As the erasure of Bo Xilai’s legacy continues and his trial for bribery, embezzlement and abuse of power looms, Benjamin Kang Lim and Ben Blanchard report that division over Bo’s fate may be holding back economic and political reform:
Senior Communist Party officials worry that Bo’s core constituency – conservative leftists as well as the economically dispossessed – will be inflamed by a harsh verdict: the death penalty or even life in prison.
The risk is that Bo’s supporters could remain a brake on the reforms that favor private businesses and greater reliance on market forces.
“Bo Xilai still has many supporters and sympathizers in the party, the government and the military,” said a party source, requesting anonymity due to the political sensitivity of the case.
[…] Left-leaning sympathizers are nostalgic for the idealistic early days of Communist rule, when there was a deeper feeling the party was “serving the people” rather than providing some sort of vehicle for get-rich-quick schemes. [Source]
At The New York Times, Pin Ho also warns of a potential backlash after Bo’s trial:
Most Chinese know that Mr. Bo, with his flamboyant egotism, was no angel. Under his crackdown on organized crime in Chongqing, opponents were imprisoned, tortured and executed, or lost their jobs and assets without due process of law. But they also believe that those who brought him down may be even more corrupt or despicable.
A lengthy prison term might turn Mr. Bo from a grasping regional politician into a national symbol, or even a martyr. At a time of rampant corruption and social injustice, many see him as a charismatic leftist who at least dared to challenge the status quo of organized crime and official self-dealing and to revive Mao’s socialist, egalitarian ideals. The appearance of pro-Bo images alongside Mao portraits at anti-Japan nationalist demonstrations last September and the arrest on Monday of a Chinese reporter who had urged people to protest the forthcoming trial are signs of this mood. [Source]
Reuters’ source noted that “it will be difficult to please both factions regardless of how heavy or light the sentence is.” Beyond the Party, too, while some see Bo as a political victim and his treatment as unfairly harsh, others expect that his rank will allow him to get off relatively lightly. From Ma Jian, for example, at Project Syndicate:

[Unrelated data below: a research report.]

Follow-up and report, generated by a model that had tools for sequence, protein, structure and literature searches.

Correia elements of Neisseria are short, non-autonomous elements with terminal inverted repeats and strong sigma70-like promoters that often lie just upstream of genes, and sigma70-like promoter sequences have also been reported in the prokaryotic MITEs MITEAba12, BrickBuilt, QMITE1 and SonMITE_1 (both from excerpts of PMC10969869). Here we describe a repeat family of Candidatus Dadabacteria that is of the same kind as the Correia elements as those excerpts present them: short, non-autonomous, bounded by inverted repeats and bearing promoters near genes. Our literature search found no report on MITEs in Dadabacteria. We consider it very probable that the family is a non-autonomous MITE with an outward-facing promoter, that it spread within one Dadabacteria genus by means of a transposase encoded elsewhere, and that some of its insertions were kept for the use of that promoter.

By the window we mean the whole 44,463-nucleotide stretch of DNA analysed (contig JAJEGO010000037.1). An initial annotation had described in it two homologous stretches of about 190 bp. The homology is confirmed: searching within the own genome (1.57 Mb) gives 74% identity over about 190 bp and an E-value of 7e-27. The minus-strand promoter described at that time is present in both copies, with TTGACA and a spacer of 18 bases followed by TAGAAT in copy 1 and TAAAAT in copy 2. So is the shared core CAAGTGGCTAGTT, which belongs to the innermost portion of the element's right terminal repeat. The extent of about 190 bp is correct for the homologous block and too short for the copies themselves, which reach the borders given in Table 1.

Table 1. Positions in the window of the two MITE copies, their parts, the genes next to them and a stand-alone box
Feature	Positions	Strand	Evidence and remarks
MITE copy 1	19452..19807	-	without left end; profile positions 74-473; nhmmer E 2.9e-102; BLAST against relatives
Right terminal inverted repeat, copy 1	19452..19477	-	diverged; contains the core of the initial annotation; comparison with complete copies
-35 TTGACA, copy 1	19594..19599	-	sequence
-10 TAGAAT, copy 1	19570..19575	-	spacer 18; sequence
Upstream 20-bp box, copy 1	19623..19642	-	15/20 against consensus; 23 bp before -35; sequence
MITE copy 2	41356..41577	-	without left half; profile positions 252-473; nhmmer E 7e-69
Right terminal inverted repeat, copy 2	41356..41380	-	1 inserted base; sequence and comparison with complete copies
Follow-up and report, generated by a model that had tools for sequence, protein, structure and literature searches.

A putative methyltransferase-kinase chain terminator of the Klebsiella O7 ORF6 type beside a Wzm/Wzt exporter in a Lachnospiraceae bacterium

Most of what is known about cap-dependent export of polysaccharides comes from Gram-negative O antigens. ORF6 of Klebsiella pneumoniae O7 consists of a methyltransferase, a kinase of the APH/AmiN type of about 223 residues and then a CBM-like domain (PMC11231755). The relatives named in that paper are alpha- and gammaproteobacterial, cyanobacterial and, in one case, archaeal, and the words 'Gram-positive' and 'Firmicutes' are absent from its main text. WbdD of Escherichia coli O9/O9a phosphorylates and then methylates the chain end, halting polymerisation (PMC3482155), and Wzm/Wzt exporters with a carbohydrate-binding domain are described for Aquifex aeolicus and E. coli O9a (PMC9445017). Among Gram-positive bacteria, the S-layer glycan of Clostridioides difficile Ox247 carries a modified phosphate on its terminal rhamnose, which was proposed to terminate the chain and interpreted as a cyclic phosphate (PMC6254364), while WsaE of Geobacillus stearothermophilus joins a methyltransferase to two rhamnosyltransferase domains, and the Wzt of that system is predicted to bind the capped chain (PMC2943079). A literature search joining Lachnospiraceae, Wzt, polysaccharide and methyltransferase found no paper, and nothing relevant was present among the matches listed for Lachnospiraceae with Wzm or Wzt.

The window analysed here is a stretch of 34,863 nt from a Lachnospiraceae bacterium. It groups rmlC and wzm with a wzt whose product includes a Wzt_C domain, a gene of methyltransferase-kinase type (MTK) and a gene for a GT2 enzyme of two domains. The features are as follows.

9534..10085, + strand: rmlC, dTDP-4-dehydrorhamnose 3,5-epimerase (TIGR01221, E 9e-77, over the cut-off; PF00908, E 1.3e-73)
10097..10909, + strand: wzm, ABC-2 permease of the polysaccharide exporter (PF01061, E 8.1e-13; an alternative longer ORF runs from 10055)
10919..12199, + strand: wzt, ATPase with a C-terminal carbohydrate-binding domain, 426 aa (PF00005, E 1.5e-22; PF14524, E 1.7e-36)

[… C]harges that Bo received ¥20 million ($3.2 million) in bribes and misappropriated ¥5 million are trivial compared to those leveled against Liu Zhijun. Thus, with his level of bribery deemed small, and his wife artfully scapegoated, the only high crime of which Bo stands accused is dereliction of duty. By limiting the charges, the CCP has limited the possible punishments.
As always where the Party is concerned, Chinese law is mere window dressing. The law is applied sparingly, if at all, to the Party elite, and the interests of justice (at least as the outside world understands the term) are rarely the highest priority in such situations. A trial such as Bo’s is invariably part of a political deal among insiders. [Source]
State media has repeatedly proclaimed that Bo’s fate shows no one is above the law. Many are skeptical. But despite the likelihood of an engineered verdict and the long delay in preparing the case, Rebecca Liao sees hope in Bo’s trial for rule of law in China:
The immediate response is, of course, that the legal showmanship, though novel, is really just a sham. In the sense that the verdict was determined far in advance by political deal making, then yes: the whole exercise is meaningless. But if the Chinese government now views the law as something to be navigated and not simply ignored, then it has already overcome a significant ideological obstacle. Jerome Cohen, an expert on Chinese law who secured a place at NYU for dissident Chen Guangcheng, mused that Party leaders would think of Bo’s trial in the following terms: “Should it be extensive and televised like that of the Gang of Four, or truncated and regimented like that of [Bo Xilai’s wife] Gu Kailai?” Both the henchmen of the Cultural Revolution and Gu were afforded nothing more than a show trial. But for Bo, the Party has conceded that state action must find a justification in the framework of law. Ironically, then, one of China’s staunchest opponents of the rule of law has helped lay its foundation. [Source]
In a less encouraging development, Reuters’ Sui-Lee Wee reports that authorities have barred Gu Yushu, a lawyer chosen by Bo’s sister, from defending him:
Bo will be represented by two lawyers, Li Guifang and Wang Zhaofeng. Li had told Reuters that he was appointed by Bo. But the state-owned Global Times newspaper later reported that Li had been “assigned” by the government-run Beijing Legal Aid Center. Li could not be reached for comment.
[…] “For such kinds of cases, who will act as lawyers are all arranged by the higher ups,” said He Weifang, a law professor from Peking University who has followed the Bo case. “Whoever acts as the lawyer will not affect the outcome of the trial.”
Two lawyers previously hired by Bo’s family, Li Xiaolin and Shen Zhigeng, told Reuters last year they had not been given permission to either see Bo or represent him. [Source]